Designing for Empathy and Resilience in Mental and Behavioral Health

  • Rachael Farrell
  • David Vincent
  • Erin Peavey
  • Deborah Wingler, PhD
  • Hannah Shultz
  • Nathan Howell

Access to high-quality mental and behavioral health care is more essential than ever. With a global pandemic threatening the mental health of millions across the globe, it is crucial to act swiftly to improve access to care for all individuals across the growing care continuum. Creating environments that address cultural biases and support  varied mental health conditions can help transform stigmas and usher in a more human-centered approach for the patients, families, and staff who deliver care. 

Disparity of Adults and Children with Mental Health and Substance Use Disorders Receiving Necessary Treatment in the United States

Original graphic. Content derived from: 1. Substance Abuse and Mental Health Services Administration. (2018). Key Substance Use and Mental Health Indicators in the United States: Results from the 2017 National Survey on Drug Use and Health. 2. National Alliance on Mental Illness. (2019). Mental Health By the Numbers. Retrieved from

Recent statistics show that approximately 19% of adults and 17% of children experience a mental illness or disorder each year. However, only about half of these individuals receive treatment due to lack of resources and access to care, as well as stigma around seeking care. Across the board, these individuals are at greater risk for a range of negative health and quality of life outcomes from cardiovascular disease, unemployment, and substance use disorders.  COVID-19 has had a remarkable impact on our mental health, with 45% of Americans reporting its negative effects. As many struggle to adapt, many health experts see a rise in the need for mental health services in the coming years. 

To implement positive change, we are committed to seeing the whole person through a culture of empathy and activism while leveraging data, our research expertise, and a steadfast focus on safety and wellbeing. We also believe that design is a platform to advocate for change across the health care system. We collaborate with partners including manufacturers, legislators, and community coalitions to create greater access to care and ultimately, improve community health and resilience. 

  • Provide an integrative research approach. Our in-house research team includes PhD researchers, anthropologists and data analysts to offer our clients evidence-based insights to improve health outcomes. 
  • Form coalitions with providers and community stakeholders. Our cross pollination of expertise helps us to maintain a reading on the heartbeat of this issue. We want to surround ourselves with the people that care most about this matter, so we can deliver spaces that support meaningful, measurable, and sustained healing.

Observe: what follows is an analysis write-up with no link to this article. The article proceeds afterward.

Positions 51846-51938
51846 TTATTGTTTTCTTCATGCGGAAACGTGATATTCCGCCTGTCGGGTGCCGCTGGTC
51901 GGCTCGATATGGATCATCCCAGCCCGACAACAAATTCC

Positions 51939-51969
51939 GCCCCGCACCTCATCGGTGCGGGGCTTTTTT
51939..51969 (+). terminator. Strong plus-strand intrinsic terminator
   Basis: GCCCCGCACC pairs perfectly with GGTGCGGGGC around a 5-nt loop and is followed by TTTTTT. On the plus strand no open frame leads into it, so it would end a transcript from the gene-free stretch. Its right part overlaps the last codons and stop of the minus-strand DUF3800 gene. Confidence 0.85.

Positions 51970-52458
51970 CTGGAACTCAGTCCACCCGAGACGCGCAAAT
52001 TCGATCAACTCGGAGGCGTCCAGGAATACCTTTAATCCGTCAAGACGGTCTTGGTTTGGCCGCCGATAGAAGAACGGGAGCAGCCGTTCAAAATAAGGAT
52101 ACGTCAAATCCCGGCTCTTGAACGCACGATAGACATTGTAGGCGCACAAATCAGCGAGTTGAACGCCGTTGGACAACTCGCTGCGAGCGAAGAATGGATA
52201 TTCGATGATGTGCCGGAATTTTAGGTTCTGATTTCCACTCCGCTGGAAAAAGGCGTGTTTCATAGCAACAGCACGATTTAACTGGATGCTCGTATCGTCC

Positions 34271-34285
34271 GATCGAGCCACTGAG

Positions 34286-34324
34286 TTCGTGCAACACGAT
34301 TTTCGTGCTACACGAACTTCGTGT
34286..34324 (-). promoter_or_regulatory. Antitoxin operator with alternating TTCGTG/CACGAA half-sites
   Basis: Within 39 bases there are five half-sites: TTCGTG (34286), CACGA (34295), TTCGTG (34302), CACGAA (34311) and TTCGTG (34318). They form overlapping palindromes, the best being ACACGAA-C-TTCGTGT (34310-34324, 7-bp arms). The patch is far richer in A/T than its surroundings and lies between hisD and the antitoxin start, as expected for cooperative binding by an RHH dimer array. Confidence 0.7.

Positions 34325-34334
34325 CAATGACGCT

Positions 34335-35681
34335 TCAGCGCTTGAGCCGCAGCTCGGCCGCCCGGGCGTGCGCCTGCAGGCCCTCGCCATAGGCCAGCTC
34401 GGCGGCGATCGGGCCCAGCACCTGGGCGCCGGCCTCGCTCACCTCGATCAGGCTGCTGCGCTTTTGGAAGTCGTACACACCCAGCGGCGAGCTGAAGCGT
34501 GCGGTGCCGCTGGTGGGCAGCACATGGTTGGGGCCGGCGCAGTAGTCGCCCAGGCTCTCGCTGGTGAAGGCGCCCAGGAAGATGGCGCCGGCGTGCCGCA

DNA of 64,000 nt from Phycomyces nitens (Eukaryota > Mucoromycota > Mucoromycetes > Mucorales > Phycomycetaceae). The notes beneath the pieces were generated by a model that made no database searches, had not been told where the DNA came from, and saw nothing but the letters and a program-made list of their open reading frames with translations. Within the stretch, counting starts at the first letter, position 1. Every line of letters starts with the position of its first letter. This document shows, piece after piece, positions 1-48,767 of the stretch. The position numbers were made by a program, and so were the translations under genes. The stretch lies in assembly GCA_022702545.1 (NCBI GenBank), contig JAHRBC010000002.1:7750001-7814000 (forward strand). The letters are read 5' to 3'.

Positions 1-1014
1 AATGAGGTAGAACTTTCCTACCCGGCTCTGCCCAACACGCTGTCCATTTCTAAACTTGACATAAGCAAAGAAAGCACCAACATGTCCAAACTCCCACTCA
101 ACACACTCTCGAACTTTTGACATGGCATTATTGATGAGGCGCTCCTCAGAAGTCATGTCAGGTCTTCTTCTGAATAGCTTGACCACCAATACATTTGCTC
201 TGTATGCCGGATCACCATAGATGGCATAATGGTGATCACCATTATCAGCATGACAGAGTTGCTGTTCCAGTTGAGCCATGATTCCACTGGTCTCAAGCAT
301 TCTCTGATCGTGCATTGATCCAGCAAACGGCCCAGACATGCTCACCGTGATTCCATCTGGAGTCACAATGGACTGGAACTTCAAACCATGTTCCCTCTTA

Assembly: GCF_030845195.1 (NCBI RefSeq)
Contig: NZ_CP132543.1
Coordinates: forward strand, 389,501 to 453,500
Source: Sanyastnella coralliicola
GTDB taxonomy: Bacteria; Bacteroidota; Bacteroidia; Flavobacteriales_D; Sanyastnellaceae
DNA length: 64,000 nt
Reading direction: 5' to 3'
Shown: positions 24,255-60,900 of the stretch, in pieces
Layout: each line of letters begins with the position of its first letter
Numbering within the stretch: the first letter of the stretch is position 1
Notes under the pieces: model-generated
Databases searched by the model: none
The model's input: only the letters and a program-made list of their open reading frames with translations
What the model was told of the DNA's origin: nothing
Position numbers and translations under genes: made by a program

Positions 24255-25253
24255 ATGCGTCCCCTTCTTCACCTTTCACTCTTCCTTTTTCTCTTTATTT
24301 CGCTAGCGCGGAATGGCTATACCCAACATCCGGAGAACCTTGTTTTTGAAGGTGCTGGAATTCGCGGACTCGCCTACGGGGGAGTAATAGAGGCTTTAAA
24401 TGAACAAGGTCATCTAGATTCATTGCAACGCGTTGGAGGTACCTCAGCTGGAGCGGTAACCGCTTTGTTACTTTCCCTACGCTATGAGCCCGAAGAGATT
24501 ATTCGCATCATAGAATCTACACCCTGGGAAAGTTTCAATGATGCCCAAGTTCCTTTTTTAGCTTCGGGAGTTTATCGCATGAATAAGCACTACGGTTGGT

• Meet with state lawmakers. We actively participate in the reviewing, proposing, and supporting of new architectural code amendments. We want to see legislation adopt and support Crisis Stabilization Units, to offset unnecessary hospital admissions.  
  • Challenge manufacturers. We find deficiencies in the products at our disposal, and we sketch options and solutions to help work toward improvements of the hardware, doors, windows, ceilings and finishes we employ to support patient and staff safety, successful installation, longevity and sustainability. 

Just as clinicians work to create resilience in individuals, we understand the importance of creating resilient environments that facilitate recovery, reduce stigma, support staff recruitment and retention, are safe, secure, and flexible for whatever may come.

Facilitate Recovery

One of the core tenets of theNational Alliance on Mental Illnessis recovery. Design and planning can help facilitate this by providing opportunities for patients to engage in therapeutic experiences and practice life skills in a safe, supportive environment. In addition to the programs provided, the facility itself can help reduce stress, provide phased levels of family and community integration, and support the care model. 

Patients and their families are greeted by bold and uplifiting imagery upon reception at Cincinnati Children’s College Campus Hill.

Reduce Stigma

The stigma of mental illness is a primary roadblock to patients and families in seeking treatment. Creating a therapeutic environment that honors the person is an important step in reducing stigma. In practice, this means creating a welcoming entry, using artwork and décor and finding ways to support privacy and choice as possible to support a sense of personal security. Having a place that is well-maintained can increase pride in the environment and reduce further property destruction.